Coffee Hour Reflection, February 14, 2021

Coffee Hour Reflection, February 14, 2021

Dear Brothers and Sisters in Christ,

We had an engaging conversation during our Zoom Coffee Hour on Sunday, February 14th.

We discussed Father Eric’s thoughtful sermon about Jesus, His Transfiguration, and the significance of Mount Tabor. We discussed Father Eric’s description of his crazy taxi ride when he went to visit the Holy Land and traveled to Mount Tabor.

I also shared the Legend of St. Valentine, which is attached below for you to read.

Peace and love,
Deacon Lauren

Audio Recording

Listen to Deacon Lauren’s reflection.

Click on the play triangle above to start listening.

The Legend of St. Valentine

The story of St. Valentine begins in the third century with an oppressive Roman emperor and a humble Christian martyr. The emperor name was Claudius and the Christian name was Valentinus of as we know him, Valentine. This story took place in the year 270.

Emperor Claudius had ordered all Roman citizens to worship twelve gods and he made it a crime if you didn’t worship as he dictated.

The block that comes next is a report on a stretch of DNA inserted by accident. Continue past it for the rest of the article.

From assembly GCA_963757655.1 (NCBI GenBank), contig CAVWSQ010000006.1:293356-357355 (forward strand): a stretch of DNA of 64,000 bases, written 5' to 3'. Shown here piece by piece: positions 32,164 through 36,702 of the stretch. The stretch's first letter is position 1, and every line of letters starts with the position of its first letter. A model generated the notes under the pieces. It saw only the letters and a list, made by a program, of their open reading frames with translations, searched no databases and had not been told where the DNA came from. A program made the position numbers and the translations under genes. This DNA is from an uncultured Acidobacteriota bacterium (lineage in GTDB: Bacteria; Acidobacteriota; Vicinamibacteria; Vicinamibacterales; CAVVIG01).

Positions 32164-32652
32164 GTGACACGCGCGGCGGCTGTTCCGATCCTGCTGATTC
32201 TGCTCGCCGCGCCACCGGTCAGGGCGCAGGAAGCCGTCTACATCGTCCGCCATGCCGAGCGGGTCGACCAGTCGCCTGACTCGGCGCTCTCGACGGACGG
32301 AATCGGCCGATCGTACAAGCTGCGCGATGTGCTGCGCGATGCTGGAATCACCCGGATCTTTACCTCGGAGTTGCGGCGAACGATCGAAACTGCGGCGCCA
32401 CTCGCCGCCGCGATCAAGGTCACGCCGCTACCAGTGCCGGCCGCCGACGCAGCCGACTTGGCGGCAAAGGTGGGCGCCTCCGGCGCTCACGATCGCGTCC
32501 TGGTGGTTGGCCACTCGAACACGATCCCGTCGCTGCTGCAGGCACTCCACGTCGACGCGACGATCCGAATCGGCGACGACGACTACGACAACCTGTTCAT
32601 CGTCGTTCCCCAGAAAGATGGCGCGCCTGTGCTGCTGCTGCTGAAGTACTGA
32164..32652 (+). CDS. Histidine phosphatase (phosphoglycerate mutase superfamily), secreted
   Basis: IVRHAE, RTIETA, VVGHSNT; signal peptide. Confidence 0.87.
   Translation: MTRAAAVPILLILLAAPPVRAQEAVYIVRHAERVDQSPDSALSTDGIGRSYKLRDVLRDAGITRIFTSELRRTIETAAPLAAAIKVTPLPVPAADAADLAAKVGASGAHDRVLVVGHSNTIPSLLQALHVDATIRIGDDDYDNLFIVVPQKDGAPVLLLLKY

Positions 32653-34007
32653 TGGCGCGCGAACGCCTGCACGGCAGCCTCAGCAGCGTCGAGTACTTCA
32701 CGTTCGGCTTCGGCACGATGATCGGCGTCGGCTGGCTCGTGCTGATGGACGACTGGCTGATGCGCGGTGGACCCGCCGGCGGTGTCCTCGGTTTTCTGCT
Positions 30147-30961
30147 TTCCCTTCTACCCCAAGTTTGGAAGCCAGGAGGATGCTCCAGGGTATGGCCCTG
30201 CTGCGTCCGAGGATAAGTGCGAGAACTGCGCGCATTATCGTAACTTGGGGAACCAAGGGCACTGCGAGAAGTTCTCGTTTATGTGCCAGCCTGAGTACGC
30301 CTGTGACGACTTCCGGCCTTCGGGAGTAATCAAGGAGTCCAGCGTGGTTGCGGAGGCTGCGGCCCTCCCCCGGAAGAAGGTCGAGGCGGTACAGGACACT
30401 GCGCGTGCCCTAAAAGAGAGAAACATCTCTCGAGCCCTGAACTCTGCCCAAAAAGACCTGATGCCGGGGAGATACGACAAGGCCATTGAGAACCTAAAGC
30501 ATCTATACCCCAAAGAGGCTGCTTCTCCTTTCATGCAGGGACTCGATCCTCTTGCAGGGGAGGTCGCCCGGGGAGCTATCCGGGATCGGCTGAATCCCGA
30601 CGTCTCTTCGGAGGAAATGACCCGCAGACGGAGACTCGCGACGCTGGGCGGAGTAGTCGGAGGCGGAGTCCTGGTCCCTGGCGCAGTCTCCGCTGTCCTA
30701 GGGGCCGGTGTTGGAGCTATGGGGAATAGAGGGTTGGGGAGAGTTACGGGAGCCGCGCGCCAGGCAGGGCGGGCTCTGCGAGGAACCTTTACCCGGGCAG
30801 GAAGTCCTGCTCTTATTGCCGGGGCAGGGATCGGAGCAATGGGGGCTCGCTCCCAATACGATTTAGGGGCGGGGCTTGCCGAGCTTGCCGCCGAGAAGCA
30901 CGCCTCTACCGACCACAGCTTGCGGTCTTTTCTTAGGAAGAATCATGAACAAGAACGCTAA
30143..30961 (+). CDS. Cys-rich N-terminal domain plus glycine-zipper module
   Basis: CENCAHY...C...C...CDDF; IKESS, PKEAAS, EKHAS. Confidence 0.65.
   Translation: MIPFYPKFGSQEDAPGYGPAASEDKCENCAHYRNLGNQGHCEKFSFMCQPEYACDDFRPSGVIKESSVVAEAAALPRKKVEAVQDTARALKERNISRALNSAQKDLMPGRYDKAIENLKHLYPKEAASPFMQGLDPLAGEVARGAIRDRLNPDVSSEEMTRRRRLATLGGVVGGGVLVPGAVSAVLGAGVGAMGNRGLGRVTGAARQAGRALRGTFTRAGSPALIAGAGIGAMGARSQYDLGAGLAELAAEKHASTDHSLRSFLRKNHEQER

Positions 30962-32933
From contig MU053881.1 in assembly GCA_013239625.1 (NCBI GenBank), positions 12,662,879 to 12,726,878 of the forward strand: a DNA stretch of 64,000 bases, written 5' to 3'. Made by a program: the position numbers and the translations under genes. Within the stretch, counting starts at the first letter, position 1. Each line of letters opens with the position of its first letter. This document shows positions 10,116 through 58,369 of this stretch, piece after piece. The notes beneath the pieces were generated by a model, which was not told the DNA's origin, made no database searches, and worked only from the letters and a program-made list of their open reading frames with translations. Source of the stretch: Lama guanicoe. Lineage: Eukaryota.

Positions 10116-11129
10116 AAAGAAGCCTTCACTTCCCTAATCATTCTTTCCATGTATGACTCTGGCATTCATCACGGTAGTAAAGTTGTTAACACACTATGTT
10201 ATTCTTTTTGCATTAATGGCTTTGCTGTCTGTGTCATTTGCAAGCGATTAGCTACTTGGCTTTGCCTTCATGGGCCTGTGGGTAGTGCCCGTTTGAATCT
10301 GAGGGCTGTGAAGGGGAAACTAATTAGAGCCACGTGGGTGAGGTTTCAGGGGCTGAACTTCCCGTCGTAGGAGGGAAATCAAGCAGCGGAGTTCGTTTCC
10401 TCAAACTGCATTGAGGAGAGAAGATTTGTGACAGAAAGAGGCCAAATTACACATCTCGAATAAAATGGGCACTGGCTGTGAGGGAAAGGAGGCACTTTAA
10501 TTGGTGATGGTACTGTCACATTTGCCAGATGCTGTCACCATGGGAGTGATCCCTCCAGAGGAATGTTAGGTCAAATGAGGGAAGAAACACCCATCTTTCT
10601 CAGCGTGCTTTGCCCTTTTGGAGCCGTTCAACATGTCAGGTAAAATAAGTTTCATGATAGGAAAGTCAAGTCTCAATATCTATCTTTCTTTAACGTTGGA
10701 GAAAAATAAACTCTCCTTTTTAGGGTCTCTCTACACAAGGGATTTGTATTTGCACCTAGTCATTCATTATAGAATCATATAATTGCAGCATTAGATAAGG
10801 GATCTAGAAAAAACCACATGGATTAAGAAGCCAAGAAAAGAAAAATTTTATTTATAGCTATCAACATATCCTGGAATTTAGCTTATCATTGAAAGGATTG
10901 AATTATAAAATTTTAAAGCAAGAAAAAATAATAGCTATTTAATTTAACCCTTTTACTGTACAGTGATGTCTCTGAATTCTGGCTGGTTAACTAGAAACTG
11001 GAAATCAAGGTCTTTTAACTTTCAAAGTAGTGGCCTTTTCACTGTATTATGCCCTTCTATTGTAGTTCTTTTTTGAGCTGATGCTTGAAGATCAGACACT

But Valentine believed in only one God just like we do. And he was committed to believing in Jesus Christ even if it meant that he was going to have to be arrested and put in prison and even die for his faith in Jesus Christ.

During the last weeks of Valentine’s life, while he was in prison an amazing thing happened. Seeing that he was a man of learning, the jailor asked whether his daughter Julie, might be brought to Valentine for lessons. Julia had been born blind. It is said that she was a pretty young girl with a quick mind. Valentine read stories to her about Roman history. He described the world to Julia and all its beauty. Valentine taught her math and he taught her about God and Jesus Christ. 

Julia saw the world through Valentine’s eyes. She trusted the knowledge that he shared with her. She found comfort in his quiet strength. 

One day Julia asked, “Valentine does God really hear our prayers/”

Valentine replied, “Yes, my child. He hears each one.

“Do you know what I pray for every night? I pray that I might see. I want so much to see everything that you’ve told me about!”

“God does what is best for us if we only believe in him.” Valentine said.

“Oh, Valentine, I do believe,” Julia said intensely. “I do.” Then Julia knelt and grabbed his hand.

They sat quietly together, each praying. Suddenly, there was a brilliant light in the prison cell. Radiant, Julia screamed, “Valentine. I can see. I can see.”

“Praise be to God!” Valentine exclaimed, and he knelt in prayer.